i'm back in the islands in a little over a week for tposscon. i was there for the inaugural event last year and am interested to see how things will have matured since. it is once again being organized by the hawaii open source foundation's scott belford, so i'm sure it'll go well. i'll be presenting on each of the four days and i'll be trying out all new material. i'm particularly excited about the 2 hands-on sessions.
one of the presentations, "How Open Source Software Improves Society", is not about KDE but about open source and society in general. i don't believe Free software can or will solve all or even a majority of social ills, but i do believe in the monumental importance of informational freedom for building healthy societies and recognize open source's role to play there. i decided to tackle the topic at this particular event for a very personal reason.
i'll be staying with family while i'm there. they live just outside the community i spent my teen years in: nanakuli. nankuli is a hot and often dusty community nestled in a valley on the leeward coast of oahu. when announcing to the mailing list that i'd be coming for tposscon, scott noted that i graduated from a high school that has been officially labeled a failure.
i phoned a teacher of mine at the high school who i'm still good friends with and she confirmed: they have been declared a chronic failure and have been put under restructuring. they've already spent some US$400,000 to get a private company to come in to raise test scores. yes, test scores. as if that was so important. i understand that it's a quantifiable metric, but failing standardized tests are the symptom not the problem.
when i arrived at nanakuli high and intermediate i quickly discovered that life in a gang- and drug-ridden school where ethnicity was a daily definer (and divider) and poverty was the norm rather than the exception was quite different than going to school in rural coastal british columbia. the social state of the school seemed to overshadow and undermine everything else. but the people had (and still have) great hearts and souls.
the years surrounding my graduation saw a visible decrease in violence at the school. more kids went on to university, including prestigious institutions like harvard. there were several students interested in computing, we had a mock trial team, a math team and more. our student government was active and it seemed things were better. it wasn't a perfect hollywood ending type situation, but it was better and that's all one can hope for from one day to the next in my experience.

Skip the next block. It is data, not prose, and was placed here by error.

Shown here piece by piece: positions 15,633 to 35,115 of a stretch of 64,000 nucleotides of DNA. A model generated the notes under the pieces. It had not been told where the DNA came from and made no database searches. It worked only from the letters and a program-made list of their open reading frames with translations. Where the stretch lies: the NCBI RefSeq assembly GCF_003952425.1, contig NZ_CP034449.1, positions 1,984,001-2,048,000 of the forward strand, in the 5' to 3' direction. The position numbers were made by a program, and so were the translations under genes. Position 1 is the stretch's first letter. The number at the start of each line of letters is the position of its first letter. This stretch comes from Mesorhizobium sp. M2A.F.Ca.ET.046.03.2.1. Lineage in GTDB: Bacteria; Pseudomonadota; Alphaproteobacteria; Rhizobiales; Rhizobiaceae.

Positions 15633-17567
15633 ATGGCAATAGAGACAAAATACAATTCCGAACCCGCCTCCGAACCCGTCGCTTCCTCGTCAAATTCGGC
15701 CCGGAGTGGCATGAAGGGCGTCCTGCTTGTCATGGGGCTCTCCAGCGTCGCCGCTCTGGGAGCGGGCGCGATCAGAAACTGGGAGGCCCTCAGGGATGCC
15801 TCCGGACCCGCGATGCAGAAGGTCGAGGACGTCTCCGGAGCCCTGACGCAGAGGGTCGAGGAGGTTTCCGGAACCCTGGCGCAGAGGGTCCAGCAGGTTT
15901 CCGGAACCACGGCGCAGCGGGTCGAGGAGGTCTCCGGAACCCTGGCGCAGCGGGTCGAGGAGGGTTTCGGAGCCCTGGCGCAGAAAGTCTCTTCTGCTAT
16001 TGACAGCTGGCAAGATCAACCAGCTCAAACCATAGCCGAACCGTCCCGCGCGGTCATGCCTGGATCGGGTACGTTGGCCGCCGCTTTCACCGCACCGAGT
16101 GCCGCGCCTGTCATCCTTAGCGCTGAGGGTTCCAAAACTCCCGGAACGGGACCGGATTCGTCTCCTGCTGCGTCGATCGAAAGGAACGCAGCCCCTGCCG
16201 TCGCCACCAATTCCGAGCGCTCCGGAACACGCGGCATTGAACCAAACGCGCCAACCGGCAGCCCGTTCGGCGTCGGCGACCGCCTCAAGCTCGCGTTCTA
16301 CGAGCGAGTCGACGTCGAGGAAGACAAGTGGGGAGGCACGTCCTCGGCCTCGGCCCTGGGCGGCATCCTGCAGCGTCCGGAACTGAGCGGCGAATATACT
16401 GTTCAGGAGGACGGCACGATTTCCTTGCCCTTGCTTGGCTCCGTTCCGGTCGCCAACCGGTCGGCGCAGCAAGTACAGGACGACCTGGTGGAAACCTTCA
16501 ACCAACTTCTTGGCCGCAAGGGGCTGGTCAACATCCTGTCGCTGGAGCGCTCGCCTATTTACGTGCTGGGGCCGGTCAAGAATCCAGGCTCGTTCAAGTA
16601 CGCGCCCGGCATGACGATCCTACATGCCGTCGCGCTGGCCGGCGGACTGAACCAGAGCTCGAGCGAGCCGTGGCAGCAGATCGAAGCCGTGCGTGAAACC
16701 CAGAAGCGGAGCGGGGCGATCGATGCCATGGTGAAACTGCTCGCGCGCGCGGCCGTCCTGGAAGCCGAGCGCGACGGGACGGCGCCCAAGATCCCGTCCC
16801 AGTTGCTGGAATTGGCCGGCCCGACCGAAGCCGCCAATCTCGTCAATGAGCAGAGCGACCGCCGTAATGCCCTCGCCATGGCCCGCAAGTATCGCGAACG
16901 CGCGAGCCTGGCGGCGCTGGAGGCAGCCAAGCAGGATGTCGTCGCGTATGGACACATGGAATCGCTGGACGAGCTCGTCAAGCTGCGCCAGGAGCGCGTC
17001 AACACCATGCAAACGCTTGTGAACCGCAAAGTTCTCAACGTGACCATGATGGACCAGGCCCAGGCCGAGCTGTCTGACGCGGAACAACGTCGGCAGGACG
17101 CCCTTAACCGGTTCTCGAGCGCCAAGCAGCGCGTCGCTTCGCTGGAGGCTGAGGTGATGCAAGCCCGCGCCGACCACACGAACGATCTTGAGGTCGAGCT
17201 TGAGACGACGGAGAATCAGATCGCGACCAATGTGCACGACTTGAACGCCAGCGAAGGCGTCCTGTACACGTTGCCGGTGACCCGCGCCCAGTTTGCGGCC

and it wasn't because of test scores. it was because of the tireless work of the teachers and counselors, the willingness of the students to explore and experience and the support and encouragement of respected community members that combined to create an atmosphere of positive belief and action.
today serious social problems persist in the community (such as 3 generations of meth use). it was hard to go back last year and see people who had been such believers and hard workers giving up in the face of these seemingly immovable objects.
i'm disappointed that the government has declared my alma mater a failure because the people there are not failures. it's an insult to the school staff to call them efforts failures and demean their jobs to ones of rigging tests; it's an insult to the people of nanakuli to call their children and those that went through that school failures by association. but mostly it is a failure to appreciate the human condition on the part of government. it's a serious undermining of spirit and souls.
i have no solutions, though. my personal solution was to leave, as did many of the others who pursued academic or intellectual careers. i'm not sure it was the best answer, but it seemed like the only one i had at the time. scattered across the world as we are, it remains that many of us came from that "failure" of a school, and i bear no shame for that. i'll visit the school in january and leave no question about that.